At calling hours, thousands mourn slain state trooper
PHILADELPHIA, N.Y. — As she prepared to join the large crowds at Fort Drum to honor fallen state police Trooper Joel Davis, Jessica Schell recalled hearing gunshots Sunday night, only a quarter-mile from her Theresa home.
“I saw the cops go by,” she said. “I knew something was wrong.”
Schell, who shares an aunt with Davis by marriage, said the outcome was “beyond belief.” Davis had lost his life, along with Nichole Walters, wife of alleged gunman Justin Walters.
“It’s sadness,” she said. “It’s a small, quiet town. Now you’ve got to hold your babies closer, even tighter.”
On Friday afternoon, Schell boarded a bus at Indian River High School, which would take her and dozens of other mourners to Fort Drum for calling hours for the fallen trooper.
“It’s devastating,” Schell said. “It’s like a nightmare.”
Estimates going into the day suggested hundreds, if not thousands, of local residents and law enforcement were expected for calling hours at the post’s Magrath Sports Complex.
Others who lived in Theresa expressed shock to have the incident in their community.
“It’s enormous sadness,” said George Bosworth, of Theresa. “We’re not used to it here.”
Bosworth and his wife, Janice, said they had interacted with the trooper on a couple of occasions near their home, on the other side of the village from where the shooting took place on county Route 46.
“It was shocking it was so close,” Janice Bosworth said.
The pair brought their children Anastasia, 3, and Elliott, 2, to the calling hours to show them the importance of paying respect.
“They can understand what’s going on, even at a young age,” George Bosworth said.
Chris Wainwright, a member of the Glen Park Fire Department, said he knew Davis from being an umpire in the youth baseball league in which the trooper served as commissioner.
The two also interacted at crime and fire scenes.
“We’re all in the same business,” Wainwright said. “When one dies, we all come out to support.”
Wainwright said when he first heard about the shooting, he became worried that Davis was the one involved.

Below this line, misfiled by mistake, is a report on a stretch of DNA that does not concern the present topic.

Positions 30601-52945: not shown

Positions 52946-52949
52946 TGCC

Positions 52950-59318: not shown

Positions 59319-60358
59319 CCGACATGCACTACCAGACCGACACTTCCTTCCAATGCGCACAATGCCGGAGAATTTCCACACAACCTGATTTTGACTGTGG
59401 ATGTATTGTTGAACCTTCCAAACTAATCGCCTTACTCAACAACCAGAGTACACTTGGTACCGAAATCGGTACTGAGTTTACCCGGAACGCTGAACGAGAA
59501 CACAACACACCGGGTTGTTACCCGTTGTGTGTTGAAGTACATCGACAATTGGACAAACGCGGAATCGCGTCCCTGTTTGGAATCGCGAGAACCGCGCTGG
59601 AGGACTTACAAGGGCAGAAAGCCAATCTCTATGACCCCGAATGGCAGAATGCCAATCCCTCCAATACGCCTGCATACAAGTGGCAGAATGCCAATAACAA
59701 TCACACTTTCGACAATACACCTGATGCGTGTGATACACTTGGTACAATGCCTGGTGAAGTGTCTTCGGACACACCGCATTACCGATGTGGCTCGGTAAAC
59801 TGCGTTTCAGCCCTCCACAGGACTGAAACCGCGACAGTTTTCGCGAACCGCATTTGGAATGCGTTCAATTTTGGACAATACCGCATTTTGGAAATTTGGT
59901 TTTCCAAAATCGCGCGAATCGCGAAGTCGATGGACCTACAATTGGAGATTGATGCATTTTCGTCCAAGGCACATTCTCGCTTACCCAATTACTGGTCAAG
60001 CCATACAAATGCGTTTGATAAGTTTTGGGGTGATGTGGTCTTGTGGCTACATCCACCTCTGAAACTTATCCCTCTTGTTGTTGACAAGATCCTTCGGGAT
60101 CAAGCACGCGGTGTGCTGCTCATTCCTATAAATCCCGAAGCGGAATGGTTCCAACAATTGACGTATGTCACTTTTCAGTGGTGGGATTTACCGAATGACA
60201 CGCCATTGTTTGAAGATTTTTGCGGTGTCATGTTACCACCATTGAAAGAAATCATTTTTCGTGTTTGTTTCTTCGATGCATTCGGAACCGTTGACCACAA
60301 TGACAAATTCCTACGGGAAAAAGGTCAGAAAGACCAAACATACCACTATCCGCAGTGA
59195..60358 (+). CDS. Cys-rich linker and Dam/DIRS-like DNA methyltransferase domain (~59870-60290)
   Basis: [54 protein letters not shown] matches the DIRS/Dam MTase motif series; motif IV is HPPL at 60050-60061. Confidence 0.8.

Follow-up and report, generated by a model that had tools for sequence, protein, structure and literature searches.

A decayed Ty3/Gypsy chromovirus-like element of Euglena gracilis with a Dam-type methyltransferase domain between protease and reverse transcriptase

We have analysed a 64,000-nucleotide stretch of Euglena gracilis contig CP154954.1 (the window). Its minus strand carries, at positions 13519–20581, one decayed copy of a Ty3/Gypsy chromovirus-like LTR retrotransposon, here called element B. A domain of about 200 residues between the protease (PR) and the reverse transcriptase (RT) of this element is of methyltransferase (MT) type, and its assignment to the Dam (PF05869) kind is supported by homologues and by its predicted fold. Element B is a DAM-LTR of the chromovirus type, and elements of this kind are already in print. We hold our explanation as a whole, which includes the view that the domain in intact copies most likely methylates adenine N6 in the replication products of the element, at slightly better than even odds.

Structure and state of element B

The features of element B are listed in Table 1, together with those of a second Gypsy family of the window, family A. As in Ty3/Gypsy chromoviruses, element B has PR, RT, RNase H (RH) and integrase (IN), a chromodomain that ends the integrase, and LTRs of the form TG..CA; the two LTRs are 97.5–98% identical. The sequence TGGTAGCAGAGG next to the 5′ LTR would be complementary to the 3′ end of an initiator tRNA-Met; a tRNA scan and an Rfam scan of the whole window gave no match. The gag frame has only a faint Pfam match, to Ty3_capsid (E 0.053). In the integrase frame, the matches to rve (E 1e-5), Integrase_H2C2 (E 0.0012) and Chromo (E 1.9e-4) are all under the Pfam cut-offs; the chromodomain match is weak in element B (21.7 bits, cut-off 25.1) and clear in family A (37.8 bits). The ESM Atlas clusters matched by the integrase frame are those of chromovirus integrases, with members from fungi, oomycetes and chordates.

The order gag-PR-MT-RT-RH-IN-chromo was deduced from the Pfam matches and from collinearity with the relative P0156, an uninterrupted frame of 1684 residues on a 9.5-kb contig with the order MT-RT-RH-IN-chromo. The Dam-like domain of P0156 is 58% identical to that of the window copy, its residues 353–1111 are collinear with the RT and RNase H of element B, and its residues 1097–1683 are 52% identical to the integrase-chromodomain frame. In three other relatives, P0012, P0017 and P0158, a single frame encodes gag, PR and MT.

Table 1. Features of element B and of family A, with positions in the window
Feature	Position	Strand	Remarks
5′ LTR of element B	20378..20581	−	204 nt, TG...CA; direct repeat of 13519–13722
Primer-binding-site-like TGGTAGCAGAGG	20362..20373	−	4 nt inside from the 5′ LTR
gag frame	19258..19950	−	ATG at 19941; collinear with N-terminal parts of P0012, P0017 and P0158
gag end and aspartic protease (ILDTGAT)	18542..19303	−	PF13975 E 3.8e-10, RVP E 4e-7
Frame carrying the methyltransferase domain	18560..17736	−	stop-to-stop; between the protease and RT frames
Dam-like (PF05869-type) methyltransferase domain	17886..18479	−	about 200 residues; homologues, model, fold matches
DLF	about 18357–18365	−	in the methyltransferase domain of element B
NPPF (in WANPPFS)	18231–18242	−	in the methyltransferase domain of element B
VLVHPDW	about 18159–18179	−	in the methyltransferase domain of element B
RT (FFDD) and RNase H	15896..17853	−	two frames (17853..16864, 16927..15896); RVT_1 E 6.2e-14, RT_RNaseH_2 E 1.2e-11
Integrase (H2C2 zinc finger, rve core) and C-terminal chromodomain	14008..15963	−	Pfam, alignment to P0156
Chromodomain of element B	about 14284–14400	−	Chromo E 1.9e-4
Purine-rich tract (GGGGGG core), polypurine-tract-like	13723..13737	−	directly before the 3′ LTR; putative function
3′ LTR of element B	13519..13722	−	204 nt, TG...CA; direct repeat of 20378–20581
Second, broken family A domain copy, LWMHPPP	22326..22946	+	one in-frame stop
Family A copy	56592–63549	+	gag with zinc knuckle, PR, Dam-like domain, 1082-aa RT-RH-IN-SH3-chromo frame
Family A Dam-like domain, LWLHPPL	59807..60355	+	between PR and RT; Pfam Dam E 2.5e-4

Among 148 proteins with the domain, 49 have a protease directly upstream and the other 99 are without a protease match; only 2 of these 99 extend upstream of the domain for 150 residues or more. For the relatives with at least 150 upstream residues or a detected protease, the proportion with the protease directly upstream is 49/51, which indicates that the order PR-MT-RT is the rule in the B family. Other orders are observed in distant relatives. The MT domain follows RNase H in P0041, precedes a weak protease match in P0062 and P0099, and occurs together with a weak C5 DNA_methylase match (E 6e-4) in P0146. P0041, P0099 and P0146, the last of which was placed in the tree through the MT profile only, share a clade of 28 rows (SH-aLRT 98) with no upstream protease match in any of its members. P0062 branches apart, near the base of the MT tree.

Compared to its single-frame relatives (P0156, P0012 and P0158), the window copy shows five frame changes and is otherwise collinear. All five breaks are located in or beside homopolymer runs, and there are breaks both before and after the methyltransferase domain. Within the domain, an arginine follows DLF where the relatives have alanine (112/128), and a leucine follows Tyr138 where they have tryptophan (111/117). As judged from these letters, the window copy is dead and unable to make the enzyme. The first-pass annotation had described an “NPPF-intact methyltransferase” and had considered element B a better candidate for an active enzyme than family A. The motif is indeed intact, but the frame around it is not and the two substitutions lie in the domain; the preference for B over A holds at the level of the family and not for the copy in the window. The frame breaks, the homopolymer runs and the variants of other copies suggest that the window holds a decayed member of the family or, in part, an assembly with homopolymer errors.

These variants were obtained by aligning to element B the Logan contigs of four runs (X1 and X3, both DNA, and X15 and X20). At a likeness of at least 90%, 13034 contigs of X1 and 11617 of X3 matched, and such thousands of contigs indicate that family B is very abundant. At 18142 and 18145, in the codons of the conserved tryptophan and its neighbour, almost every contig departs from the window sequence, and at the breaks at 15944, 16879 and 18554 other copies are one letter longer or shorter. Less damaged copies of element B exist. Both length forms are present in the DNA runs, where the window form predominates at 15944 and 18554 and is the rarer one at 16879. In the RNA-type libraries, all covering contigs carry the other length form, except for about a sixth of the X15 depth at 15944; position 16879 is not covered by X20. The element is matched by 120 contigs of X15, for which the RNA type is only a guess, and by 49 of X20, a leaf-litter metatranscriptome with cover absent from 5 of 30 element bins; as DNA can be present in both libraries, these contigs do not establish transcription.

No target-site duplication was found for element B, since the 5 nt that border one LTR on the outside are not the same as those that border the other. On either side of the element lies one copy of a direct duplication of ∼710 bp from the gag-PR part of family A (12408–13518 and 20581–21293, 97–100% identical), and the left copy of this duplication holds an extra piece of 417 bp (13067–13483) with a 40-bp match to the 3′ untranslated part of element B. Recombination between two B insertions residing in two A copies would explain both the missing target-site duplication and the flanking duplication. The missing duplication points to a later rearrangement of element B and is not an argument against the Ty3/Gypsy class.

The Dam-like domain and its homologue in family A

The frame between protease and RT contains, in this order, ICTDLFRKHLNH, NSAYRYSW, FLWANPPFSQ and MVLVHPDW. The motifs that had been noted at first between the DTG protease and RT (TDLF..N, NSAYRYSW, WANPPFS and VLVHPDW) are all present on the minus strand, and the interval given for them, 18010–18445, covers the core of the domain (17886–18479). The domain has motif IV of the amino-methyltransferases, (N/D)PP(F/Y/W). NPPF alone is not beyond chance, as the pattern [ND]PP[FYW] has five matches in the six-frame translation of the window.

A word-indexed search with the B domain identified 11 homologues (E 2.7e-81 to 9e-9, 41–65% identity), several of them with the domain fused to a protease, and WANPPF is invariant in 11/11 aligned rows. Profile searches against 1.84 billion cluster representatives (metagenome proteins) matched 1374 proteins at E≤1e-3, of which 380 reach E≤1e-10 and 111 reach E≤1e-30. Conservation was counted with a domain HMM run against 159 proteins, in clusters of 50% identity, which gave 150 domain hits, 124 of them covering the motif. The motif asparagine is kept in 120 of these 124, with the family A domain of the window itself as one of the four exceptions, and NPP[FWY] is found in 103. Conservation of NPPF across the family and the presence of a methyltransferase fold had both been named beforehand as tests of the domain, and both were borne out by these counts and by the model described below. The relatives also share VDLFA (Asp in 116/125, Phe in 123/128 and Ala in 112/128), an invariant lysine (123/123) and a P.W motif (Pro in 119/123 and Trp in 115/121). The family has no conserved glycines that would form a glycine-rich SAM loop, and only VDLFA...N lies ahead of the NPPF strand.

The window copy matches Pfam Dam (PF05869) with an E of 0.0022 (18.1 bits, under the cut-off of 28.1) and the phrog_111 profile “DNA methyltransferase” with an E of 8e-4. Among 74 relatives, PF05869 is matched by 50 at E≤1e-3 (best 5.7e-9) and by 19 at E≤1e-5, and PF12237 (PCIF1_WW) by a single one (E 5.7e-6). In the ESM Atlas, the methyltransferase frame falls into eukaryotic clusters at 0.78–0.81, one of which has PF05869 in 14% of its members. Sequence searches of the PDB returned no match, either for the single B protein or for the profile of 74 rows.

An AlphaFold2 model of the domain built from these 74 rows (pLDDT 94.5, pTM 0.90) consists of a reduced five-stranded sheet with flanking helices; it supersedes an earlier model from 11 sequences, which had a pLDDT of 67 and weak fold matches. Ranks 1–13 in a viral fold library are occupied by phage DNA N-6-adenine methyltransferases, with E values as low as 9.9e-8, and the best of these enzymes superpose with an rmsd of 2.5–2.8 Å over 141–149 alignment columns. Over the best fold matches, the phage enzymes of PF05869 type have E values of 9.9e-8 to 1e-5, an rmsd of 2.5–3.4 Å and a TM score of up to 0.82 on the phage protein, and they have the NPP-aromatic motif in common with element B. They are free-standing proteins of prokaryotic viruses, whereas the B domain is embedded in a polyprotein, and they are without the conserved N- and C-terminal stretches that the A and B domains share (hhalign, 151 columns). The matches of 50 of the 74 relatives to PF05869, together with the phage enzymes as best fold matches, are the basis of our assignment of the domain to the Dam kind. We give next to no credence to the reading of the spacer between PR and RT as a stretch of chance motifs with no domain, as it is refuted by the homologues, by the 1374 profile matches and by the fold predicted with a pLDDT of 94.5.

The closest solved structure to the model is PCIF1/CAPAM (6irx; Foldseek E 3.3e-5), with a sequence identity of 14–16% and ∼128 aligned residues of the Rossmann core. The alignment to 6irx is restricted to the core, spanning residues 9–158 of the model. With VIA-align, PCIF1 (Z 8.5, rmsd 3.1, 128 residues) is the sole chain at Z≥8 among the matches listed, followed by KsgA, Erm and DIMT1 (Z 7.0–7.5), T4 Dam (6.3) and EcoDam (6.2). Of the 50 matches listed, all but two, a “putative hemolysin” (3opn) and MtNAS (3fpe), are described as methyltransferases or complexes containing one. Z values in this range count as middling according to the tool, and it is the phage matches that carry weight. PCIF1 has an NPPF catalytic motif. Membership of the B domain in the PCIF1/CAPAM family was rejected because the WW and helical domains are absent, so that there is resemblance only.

“It’s hard when it’s someone in the brotherhood,” he said. “It’s harder when it’s someone you know.”
Wainwright said he felt for both Davis’ children and the young child of Nichole Walters, who also died in Sunday’s shooting allegedly committed by Justin Walters, her husband.
“The kids are the true victims here,” he said. “It’s sad all around.”
The pain of Davis’ death stretched all the way to California.
Wilfredo Williams, who had classes and played basketball with the trooper at Indian River High School, said he first saw Facebook posts about the incident Sunday night, as details slowly emerged about what happened.
“When they told me it was Joel, my heart dropped,” Williams said.
Williams, who performed with his band at ESPN’s ESPY Awards on Wednesday, assembled people together for a photo paying tribute to Davis.
“I wanted to show how special he was to me, and how a loss like that affects so many people,” he said. “I saw the love that the community shared for him, and that touched me.”
A funeral for Davis is scheduled for 1 p.m. Saturday at Fort Drum’s Magrath Sports Complex. Those attending the funeral must enter through the 45th Infantry Gate on Route 26 of Fort Drum. The gate will open at 9 a.m. Saturday.
There will be special signage from Interstates 81 and 781, Route 11 and Route 3 directing traffic to the gate.
After the funeral, a procession of vehicles will travel to Watertown, entering at Mill Street. It will then travel around the north side of Public Square and then head up Washington Street en route to Brookside Cemetery.